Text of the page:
Walmart is gearing up to regain ground it lost to Amazon by failing early on to realize the potential of the Internet. It has shelled out $3 billion for Amazon-like multiproduct, and about $50 million each for online sellers of men’s and women’s clothing, and outdoor gear. The late entry into the e-commerce race reports that its online sales grew 63 percent in the latest quarter, from an admittedly low base. Walmart has the advantage of a reputation for low prices and the thousands of stores that can serve as pickup points for orders placed online, or dispatch points for orders to be delivered directly to homes.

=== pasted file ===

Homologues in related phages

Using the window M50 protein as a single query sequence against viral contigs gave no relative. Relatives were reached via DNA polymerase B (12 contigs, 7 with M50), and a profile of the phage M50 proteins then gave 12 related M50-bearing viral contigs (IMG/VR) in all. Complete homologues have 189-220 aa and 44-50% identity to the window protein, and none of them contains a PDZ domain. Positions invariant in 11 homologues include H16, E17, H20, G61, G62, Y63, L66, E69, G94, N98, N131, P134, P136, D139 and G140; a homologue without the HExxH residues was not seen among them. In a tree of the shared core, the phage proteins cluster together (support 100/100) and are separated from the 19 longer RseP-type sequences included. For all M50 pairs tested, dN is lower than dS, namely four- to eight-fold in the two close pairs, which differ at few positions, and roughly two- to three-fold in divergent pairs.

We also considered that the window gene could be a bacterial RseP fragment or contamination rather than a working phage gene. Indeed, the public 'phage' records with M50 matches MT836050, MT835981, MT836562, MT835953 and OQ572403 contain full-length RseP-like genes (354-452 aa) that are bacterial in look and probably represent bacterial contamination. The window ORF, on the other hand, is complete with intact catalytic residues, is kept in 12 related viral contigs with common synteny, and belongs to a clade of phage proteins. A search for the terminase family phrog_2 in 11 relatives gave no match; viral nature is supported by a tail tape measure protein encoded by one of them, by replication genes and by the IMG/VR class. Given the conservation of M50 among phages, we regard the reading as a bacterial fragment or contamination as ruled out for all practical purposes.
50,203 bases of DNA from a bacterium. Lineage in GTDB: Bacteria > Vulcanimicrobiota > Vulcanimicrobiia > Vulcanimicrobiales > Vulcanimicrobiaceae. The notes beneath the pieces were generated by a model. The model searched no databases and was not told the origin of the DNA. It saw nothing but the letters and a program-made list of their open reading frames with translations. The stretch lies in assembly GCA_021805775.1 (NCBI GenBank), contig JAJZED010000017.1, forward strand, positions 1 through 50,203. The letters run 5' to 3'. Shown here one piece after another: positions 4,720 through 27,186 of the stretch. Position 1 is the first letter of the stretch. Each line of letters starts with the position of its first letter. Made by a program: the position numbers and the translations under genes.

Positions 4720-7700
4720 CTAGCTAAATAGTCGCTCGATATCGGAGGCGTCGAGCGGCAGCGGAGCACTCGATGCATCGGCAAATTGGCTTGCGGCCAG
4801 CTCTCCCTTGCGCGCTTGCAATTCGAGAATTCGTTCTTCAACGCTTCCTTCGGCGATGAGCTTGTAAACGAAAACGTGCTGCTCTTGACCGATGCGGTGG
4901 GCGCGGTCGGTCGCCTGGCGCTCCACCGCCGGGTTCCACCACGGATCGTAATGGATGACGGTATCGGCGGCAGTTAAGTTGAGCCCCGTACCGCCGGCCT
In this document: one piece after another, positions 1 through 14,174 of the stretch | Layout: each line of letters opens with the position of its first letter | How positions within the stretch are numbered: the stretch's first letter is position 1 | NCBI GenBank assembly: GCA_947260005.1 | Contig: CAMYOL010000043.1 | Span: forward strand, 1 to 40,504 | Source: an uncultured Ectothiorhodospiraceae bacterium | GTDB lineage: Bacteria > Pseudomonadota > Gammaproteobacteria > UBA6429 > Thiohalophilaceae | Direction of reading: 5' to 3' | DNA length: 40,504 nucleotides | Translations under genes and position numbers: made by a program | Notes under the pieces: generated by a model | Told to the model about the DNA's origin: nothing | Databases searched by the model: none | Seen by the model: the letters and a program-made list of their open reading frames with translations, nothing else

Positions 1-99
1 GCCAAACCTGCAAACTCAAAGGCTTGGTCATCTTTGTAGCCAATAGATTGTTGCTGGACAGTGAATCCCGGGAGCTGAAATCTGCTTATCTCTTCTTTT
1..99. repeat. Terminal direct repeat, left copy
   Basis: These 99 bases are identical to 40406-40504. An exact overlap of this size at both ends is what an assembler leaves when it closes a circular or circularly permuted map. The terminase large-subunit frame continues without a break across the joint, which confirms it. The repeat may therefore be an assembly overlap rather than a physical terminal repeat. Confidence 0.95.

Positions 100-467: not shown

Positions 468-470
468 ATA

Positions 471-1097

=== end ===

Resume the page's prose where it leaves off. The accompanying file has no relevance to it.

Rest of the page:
Meanwhile Amazon has produced a bit of nervousness among the upper classes by acquiring Whole Foods for $13.7 billion. Food and drink account for about 2 percent of retail sales, and it is not a sector in which Amazon’s previous incursions have produced much by way of results—not counting the accumulation of intellectual capital and a place to test cashier-free transactions and two-hour delivery techniques. Food will be a test of the ability of Amazon’s massive logistics system to adapt to the food business, involving a product more perishable than sneakers and books.